The nature of commercial system integration is changing.
In addition to selling products, integrators are beginning to adapt a service-based business model. CI checks in with one company that has made this shift within the last couple years.
Last week, AVI-SPL hosted its annual Global Sales Meeting, bringing over 250 employees and 250 partner attendees together in sunny Tampa, Fl.
The focus at the meeting was AVI-SPL‘s recent shift from products to services, offering their customers technology “solutions” instead of making box sales.
“To be relevant in the space today, you can’t just be talking about bits and bytes and bandwidth,” says Mike Brandofino, Executive Vice President of Video and Unified Communications at AVI-SPL. “You need to be talking about how they affect businesses.”
And it’s working: AVI-SPL saw a 10 percent growth in service revenue from 2012 to 2013. This suggests the company is growing more proficient in creating the right solutions for the right customers. The trick is being able to understand both the technology and the people, to be able to fit one with the other. Which means that it’s not necessarily about the brand.
“Our first question [to our customers] has to be, ‘What is your meeting like?'” says Brandofino. Do you need multi-room videoconferencing? Might you benefit from a global help desk? Do you need to be able to train people a thousand miles away? There are 3,500 different types of products from manufacturers. How do customers choose?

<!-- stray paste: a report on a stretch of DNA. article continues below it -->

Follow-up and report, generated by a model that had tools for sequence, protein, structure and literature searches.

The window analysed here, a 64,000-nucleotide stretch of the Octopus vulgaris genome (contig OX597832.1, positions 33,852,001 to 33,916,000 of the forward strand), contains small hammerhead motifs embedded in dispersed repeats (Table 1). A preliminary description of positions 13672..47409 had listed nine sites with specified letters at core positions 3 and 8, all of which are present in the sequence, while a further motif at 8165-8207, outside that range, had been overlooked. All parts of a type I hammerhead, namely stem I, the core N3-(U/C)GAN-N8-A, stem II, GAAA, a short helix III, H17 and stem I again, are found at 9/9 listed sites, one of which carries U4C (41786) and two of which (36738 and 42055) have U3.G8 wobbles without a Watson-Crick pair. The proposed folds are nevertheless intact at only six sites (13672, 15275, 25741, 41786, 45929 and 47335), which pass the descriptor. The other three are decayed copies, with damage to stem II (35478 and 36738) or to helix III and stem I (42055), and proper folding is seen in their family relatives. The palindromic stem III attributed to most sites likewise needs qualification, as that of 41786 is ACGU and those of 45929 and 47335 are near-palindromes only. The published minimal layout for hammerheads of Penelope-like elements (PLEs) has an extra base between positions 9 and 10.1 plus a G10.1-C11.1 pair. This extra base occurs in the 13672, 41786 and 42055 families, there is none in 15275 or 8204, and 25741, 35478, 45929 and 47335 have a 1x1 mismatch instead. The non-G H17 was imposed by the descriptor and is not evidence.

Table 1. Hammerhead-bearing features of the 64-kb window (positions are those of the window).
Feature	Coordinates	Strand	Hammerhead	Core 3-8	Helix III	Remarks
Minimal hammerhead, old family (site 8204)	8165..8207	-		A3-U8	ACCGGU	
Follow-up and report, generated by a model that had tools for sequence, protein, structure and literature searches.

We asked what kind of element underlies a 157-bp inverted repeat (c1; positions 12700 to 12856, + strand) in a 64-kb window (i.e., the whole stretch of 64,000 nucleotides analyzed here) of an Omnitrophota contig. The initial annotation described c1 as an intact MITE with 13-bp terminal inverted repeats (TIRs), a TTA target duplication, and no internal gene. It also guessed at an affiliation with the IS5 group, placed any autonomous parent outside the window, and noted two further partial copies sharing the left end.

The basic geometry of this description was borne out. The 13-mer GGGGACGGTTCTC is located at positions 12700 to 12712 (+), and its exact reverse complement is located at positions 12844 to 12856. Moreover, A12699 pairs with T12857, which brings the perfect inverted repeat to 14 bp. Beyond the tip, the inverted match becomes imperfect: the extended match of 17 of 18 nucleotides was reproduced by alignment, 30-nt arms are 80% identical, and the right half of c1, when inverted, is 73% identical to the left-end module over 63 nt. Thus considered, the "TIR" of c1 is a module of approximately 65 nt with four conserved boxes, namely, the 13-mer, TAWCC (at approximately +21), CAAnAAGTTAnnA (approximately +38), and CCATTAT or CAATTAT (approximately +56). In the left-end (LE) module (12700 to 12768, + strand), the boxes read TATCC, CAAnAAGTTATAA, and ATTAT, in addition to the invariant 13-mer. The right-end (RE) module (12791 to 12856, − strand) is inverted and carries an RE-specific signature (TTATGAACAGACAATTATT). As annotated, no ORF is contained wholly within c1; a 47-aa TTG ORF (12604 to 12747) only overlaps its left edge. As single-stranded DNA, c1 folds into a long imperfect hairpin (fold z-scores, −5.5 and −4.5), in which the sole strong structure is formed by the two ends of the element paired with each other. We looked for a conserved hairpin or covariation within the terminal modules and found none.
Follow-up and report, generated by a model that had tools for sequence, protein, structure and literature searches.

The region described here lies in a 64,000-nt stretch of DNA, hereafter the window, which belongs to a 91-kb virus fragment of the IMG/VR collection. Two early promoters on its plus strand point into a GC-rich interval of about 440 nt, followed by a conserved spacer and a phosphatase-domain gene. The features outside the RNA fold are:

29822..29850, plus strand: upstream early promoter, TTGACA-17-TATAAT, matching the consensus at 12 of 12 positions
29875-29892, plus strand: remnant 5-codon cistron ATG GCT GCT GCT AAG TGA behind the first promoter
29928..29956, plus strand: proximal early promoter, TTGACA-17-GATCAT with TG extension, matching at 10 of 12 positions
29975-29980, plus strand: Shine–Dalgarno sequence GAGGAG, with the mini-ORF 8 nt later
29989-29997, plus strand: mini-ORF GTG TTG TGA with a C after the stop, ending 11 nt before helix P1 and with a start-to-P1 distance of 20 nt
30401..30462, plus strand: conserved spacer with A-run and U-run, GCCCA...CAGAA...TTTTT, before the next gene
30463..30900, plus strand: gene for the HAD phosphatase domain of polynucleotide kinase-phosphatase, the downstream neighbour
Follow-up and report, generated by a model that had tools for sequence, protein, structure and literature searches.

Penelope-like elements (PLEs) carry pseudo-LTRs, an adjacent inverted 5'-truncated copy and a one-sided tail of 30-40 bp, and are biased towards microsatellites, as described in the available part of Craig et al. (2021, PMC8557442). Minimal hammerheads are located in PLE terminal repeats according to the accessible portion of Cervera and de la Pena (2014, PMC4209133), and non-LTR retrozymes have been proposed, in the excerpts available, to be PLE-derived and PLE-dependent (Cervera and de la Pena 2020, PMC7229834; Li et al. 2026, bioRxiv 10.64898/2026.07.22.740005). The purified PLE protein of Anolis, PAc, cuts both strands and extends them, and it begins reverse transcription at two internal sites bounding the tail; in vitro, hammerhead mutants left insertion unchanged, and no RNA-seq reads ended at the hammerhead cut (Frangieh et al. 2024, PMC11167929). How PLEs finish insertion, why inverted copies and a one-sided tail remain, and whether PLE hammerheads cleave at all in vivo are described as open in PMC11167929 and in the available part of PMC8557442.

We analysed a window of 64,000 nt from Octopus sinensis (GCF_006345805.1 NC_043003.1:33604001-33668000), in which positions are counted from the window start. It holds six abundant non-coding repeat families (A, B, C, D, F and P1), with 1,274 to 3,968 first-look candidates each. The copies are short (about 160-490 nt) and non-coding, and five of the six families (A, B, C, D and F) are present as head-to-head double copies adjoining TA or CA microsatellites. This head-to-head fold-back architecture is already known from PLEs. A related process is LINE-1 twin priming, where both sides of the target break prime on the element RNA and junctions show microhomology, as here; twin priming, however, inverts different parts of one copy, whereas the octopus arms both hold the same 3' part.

Take Block ME, for example, AVI-SPL’s new video signal interrupter device. To ensure privacy in company meetings, Block ME stops video calls from being initiated by blocking specific IP traffic to and from a network. The device is easy to use, having one large “block” button and green and red lights signifying on and off, whether your meeting is public or private. Is this something a customer might need?
What about cloud-based solutions? To meet the increasing demand of cloud platforms, AVI-SPL offers a cloud-based videoconferencing service called the Virtual Meeting Room (VMR). This service is hosted on AVI-SPL infrastructure, allows the user to leverage existing networking devices, and works across a variety of video endpoints and codecs.
“The new workplace requires and expects these tools,” explains Brandofino after demoing the VMR.
But they don’t need everything. “Our job,” he says, “is to find out what works best in each individual case.”
Think about a car: you need a steering wheel, brakes, and gas. Every car has the basic necessities just as every videoconferencing manufacturer will enable two people to see and speak to one another without being in the same room. But the smaller, more detailed features provided differ from manufacturer to manufacturer, as do the features needed by the customer.